18. Bulavin D.V. et al. Phosphorylation of human p53 by p38 kinase coordinates N-terminal phosphorylation and apoptosis in response to UV radiation. Embo J. 1999;18(23):6845
19. She Q.B. et al. Resveratrol-induced activation of p53 and apoptosis is mediated by extracellular-signal-regulated protein kinases and p38 kinase. Cancer Res. 2001;61(4):1604
20. She Q.B, Chen N, Dong Z. ERKs and p38 kinase phosphorylate p53 protein at serine 15 in response to UV radiation. J Biol Chem. 2000;275(27):20444
21. Huang C. et al. p38 kinase mediates UV-induced phosphorylation of p53 protein at serine 389. J Biol Chem. 1999;274(18):12229
22. Jin S. et al. Gadd45a contributes to p53 stabilization in response to DNA damage. Oncogene. 2003;22(52):8536
23. Bulavin D.V, Kovalsky O, Hollander M.C, Fornace A.J. Jr, Loss of oncogenic H-ras-induced cell cycle arrest and p38 mitogen-activated protein kinase activation by disruption of Gadd45a. Mol Cell Biol. 2003;23(11):3859
24. Zhan Q. et al. Association with Cdc2 and inhibition of Cdc2/Cyclin B1 kinase activity by the p53-regulated protein Gadd45. Oncogene. 1999;18(18):2892
25. el-Deiry W.S. et al. WAF1, a potential mediator of p53 tumor suppression. Cell. 1993;75(4):817
26. Hermeking H. et al. 14-3-3 sigma is a p53-regulated inhibitor of G2/M progression. Mol Cell. 1997;1(1):3
27. Bulavin D.V. et al. Initiation of a G2/M checkpoint after ultraviolet radiation requires p38 kinase. Nature. 2001;411(6833):102
28. Morris M.C. et al. An essential phosphorylation-site domain of human cdc25C interacts with both 14-3-3 and cyclins. J Biol Chem. 2000;275(37):28849
29. Lopez-Girona A, Furnari B, Mondesert O, Russell P. Nuclear localization of Cdc25 is regulated by DNA damage and a 14-3-3 protein. Nature. 1999;397(6715):172
30. Manke I.A. et al. MAPKAP kinase-2 is a cell cycle checkpoint kinase that regulates the G2/M transition and S phase progression in response to UV irradiation. Mol Cell. 2005;17(1):37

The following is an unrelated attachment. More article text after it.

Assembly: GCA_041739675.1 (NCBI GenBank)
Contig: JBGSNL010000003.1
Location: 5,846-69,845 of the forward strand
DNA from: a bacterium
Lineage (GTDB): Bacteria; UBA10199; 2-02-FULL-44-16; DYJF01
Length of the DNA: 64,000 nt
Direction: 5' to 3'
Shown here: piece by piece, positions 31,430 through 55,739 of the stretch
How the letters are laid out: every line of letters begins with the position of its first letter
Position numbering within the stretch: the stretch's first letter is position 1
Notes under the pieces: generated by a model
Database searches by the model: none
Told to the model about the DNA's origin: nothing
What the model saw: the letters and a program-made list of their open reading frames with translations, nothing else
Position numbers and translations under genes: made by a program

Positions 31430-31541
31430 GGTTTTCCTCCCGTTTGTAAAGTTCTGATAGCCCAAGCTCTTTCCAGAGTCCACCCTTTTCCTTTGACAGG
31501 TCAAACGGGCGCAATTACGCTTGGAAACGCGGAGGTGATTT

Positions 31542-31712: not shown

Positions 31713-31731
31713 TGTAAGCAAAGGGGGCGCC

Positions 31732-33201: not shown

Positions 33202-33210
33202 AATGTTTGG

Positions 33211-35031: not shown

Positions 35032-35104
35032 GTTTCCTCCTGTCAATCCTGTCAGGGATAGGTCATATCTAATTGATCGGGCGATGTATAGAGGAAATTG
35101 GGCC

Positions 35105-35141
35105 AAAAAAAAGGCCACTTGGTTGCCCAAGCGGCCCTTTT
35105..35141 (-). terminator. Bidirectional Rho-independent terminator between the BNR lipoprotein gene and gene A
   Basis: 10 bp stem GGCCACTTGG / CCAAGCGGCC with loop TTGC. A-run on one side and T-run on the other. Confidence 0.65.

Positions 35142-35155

31. Lemaire M. et al. CDC25B phosphorylation by p38 and MK-2. Cell Cycle. 2006;5(15):1649
32. Wang X. et al. Involvement of the MKK6-p38gamma cascade in gamma-radiation-induced cell cycle arrest. Mol Cell Biol. 2000;20(13):4543
33. Kim G.Y. et al. The stress-activated protein kinases p38 alpha and JNK1 stabilize p21(Cip1) by phosphorylation. J Biol Chem. 2002;277(33):29792
34. Kishi H. et al. Osmotic shock induces G1 arrest through p53 phosphorylation at Ser33 by activated p38MAPK without phosphorylation at Ser15 and Ser20. J Biol Chem. 2001;276(42):39115
35. Lavoie J.N. et al. Cyclin D1 expression is regulated positively by the p42/p44MAPK and negatively by the p38/HOGMAPK pathway. J Biol Chem. 1996;271(34):20608
36. Yee A.S. et al. The HBP1 transcriptional repressor and the p38 MAP kinase: unlikely partners in G1 regulation and tumor suppression. Gene. 2004;336(1):1
37. Casanovas O. et al. Osmotic stress regulates the stability of cyclin D1 in a p38SAPK2-dependent manner. J Biol Chem. 2000;275(45):35091
38. Zhao H, Watkins J.L, Piwnica-Worms H. Disruption of the checkpoint kinase 1/cell division cycle 25A pathway abrogates ionizing radiation-induced S and G2 checkpoints. Proc Natl Acad Sci U S A. 2002;99(23):14795
39. Jinno S. et al. Cdc25A is a novel phosphatase functioning early in the cell cycle. Embo J. 1994;13(7):1549
40. Blomberg I, Hoffmann I. Ectopic expression of Cdc25A accelerates the G(1)/S transition and leads to premature activation of cyclin E- and cyclin A-dependent kinases. Mol Cell Biol. 1999;19(9):6183
41. Goloudina A. et al. Regulation of human Cdc25A stability by Serine 75 phosphorylation is not sufficient to activate a S phase checkpoint. Cell Cycle. 2003;2(5):473
42. Roussel M.F. The INK4 family of cell cycle inhibitors in cancer. Oncogene. 1999;18(38):5311
43. Weber J.D. et al. Nucleolar Arf sequesters Mdm2 and activates p53. Nat Cell Biol. 1999;1(1):20
44. Tao W, Levine A.J. P19(ARF) stabilizes p53 by blocking nucleo-cytoplasmic shuttling of Mdm2. Proc Natl Acad Sci U S A. 1999;96(12):6937
45. Faust D. et al. p38alpha MAPK is required for contact inhibition. Oncogene. 2005;24(53):7941